Forum for Science, Industry and Business

Sponsored by:     3M 
Search our Site:

 

Graphic video simulation of Indian Ocean tsunami

14.01.2005


Copyright © Cornell University


Cornell University researchers have created a video simulation of the deadly Dec. 26 Indian Ocean tsunami that shows in graphic detail how the massive wave system spread outward from the epicenter of an undersea earthquake northwest of Sumatra, Indonesia.

The simulation makes it clear how the tsunami struck the coastlines of Indonesia, Thailand, Sri Lanka and India with such devastating force, then continued as far as East Africa.

The video, about 7 MB, can be seen online at http://www.news.cornell.edu/releases/Jan05/tsunamiVid320.html .



A 640x480 Quicktime version, about 43 MB, is available at http://www.news.cornell.edu/releases/Jan05/tsunamiVid640.html . (This will take several minutes to load even on a fast Internet connection.)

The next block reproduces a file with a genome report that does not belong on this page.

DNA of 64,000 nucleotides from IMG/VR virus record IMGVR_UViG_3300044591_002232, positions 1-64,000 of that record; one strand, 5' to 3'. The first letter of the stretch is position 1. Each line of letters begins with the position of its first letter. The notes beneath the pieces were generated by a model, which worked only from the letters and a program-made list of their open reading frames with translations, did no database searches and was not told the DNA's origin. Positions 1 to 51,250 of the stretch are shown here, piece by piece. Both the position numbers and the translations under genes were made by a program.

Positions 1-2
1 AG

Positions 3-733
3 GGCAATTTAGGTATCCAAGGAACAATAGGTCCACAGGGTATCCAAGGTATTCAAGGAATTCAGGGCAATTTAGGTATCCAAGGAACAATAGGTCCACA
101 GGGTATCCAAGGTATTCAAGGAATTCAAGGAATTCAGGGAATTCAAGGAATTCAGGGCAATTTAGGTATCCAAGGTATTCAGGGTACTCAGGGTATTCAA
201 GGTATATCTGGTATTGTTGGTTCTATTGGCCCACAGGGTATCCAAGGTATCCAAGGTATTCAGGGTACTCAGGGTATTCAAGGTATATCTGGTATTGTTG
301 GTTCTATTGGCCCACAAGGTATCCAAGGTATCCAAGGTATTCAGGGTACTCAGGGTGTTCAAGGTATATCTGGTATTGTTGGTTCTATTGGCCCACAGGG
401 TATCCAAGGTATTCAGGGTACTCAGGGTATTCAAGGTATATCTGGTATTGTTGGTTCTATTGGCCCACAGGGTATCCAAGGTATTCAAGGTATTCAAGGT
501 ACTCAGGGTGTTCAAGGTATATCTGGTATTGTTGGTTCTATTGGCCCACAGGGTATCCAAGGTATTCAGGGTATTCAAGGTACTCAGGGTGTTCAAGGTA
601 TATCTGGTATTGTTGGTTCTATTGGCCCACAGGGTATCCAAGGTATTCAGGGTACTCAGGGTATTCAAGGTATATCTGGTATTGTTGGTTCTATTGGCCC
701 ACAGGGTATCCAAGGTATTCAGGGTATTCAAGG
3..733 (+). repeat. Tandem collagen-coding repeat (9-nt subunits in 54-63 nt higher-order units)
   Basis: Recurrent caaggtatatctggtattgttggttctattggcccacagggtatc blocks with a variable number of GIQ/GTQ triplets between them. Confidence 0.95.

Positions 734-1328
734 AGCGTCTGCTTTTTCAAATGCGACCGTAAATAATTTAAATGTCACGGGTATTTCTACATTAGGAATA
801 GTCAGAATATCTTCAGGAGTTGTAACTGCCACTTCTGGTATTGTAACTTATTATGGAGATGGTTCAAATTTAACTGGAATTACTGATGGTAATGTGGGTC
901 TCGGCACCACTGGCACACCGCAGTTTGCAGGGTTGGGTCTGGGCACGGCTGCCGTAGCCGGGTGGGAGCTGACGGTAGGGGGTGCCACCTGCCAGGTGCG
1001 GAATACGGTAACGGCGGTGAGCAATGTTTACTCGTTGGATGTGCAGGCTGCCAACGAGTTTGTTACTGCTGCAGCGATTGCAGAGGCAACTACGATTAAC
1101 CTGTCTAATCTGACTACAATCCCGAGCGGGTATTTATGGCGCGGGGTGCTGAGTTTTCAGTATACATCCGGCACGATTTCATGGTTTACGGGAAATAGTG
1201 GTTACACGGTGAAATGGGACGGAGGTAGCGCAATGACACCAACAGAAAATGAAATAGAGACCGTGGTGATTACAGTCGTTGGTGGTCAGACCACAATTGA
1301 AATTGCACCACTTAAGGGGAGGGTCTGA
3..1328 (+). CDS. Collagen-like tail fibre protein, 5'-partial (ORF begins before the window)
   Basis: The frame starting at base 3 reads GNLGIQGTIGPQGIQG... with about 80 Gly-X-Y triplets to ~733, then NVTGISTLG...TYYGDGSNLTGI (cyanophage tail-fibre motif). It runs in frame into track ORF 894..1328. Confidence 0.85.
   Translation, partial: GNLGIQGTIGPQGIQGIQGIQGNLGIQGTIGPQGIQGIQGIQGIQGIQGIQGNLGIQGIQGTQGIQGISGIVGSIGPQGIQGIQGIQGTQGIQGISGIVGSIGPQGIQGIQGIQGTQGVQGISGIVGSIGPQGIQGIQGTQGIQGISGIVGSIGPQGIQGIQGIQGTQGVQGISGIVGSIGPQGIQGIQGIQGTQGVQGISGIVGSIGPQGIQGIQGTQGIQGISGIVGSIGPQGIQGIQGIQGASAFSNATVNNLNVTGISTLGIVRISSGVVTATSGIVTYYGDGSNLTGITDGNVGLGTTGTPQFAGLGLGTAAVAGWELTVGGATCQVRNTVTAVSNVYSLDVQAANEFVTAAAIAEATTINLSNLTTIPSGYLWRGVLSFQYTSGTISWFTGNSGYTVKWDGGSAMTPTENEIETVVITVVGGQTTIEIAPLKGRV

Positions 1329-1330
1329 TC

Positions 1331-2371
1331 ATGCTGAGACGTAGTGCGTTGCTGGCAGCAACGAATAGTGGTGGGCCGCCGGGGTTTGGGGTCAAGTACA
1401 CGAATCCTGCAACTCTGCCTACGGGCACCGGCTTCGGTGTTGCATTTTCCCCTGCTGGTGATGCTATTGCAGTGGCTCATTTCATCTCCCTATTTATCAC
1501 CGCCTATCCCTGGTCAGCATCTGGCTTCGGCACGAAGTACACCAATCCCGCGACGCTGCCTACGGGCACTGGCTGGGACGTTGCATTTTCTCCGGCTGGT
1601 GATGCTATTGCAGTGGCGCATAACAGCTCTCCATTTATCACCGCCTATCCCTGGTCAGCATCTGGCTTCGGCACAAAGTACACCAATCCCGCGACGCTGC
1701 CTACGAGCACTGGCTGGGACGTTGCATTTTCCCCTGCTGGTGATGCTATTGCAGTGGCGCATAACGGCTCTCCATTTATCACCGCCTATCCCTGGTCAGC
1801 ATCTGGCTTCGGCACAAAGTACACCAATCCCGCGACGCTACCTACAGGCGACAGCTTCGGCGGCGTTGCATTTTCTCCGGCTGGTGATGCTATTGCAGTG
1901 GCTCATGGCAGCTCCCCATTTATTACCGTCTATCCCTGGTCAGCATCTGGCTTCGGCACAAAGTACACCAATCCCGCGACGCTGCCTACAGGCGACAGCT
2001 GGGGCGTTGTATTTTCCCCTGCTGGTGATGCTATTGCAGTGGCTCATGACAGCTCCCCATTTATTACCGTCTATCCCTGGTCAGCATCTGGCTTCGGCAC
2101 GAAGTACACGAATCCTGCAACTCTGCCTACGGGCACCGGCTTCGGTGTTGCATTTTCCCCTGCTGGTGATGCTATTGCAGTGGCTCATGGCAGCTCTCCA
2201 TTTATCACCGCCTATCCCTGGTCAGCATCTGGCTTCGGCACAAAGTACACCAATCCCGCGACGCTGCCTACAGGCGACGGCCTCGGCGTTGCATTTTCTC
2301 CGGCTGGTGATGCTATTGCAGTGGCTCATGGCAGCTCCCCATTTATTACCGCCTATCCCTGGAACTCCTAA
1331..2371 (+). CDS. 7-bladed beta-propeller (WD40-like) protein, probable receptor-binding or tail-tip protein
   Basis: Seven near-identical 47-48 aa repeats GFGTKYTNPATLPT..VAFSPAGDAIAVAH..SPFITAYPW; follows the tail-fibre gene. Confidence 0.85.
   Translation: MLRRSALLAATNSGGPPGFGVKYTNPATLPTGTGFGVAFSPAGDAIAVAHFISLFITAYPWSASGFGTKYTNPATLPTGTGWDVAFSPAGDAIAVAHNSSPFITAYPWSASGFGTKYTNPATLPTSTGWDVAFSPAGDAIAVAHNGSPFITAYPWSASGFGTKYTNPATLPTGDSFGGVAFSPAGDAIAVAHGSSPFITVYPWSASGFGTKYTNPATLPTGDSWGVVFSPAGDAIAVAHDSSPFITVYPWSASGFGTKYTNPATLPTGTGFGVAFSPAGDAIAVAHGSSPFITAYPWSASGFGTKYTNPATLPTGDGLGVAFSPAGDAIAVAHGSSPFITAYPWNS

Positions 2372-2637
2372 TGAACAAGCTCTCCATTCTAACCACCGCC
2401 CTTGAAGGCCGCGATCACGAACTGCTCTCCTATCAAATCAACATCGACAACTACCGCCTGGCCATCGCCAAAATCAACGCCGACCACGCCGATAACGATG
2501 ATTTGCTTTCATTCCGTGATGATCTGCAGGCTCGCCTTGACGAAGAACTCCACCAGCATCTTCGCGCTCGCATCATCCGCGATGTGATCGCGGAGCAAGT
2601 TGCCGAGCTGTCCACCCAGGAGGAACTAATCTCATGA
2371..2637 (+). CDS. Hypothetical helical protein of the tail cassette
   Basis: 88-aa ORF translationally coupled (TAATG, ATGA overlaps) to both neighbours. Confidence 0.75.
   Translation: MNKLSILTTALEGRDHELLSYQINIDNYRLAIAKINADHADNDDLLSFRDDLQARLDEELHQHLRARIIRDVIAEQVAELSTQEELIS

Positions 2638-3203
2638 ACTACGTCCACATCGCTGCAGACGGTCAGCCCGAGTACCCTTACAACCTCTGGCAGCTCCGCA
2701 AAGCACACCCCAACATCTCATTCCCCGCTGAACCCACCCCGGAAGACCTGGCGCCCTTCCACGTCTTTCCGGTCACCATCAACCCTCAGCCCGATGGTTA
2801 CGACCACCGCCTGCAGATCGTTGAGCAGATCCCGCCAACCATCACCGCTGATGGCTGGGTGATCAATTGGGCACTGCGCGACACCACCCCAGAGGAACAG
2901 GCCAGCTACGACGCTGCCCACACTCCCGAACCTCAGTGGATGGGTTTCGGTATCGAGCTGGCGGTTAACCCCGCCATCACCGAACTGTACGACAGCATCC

The video compresses 10 hours and 30 minutes in the life of the tidal wave into one minute, showing in contrasting colors the advancing high water and the trough behind it, as well as the receding waters observed along coastlines near the epicenter before the wave struck. It shows high water in red and low in blue. The more intense the color, the greater the displacement from sea level. A clock in the animation starts at the moment of the Sumatra earthquake.

The computer simulation was created using a numerical model called the Cornell Multigrid Coupled Tsunami model, or COMCOT, developed by Philip Liu, Cornell professor of civil and environmental engineering, and graduate student Xiaoming Wang. The model was originally created by Japanese scientists, further developed by Liu and several of his students, and most recently refined and updated by Wang. Wang created the final video with Tso-Ren Wu, a Cornell post-doctoral researcher.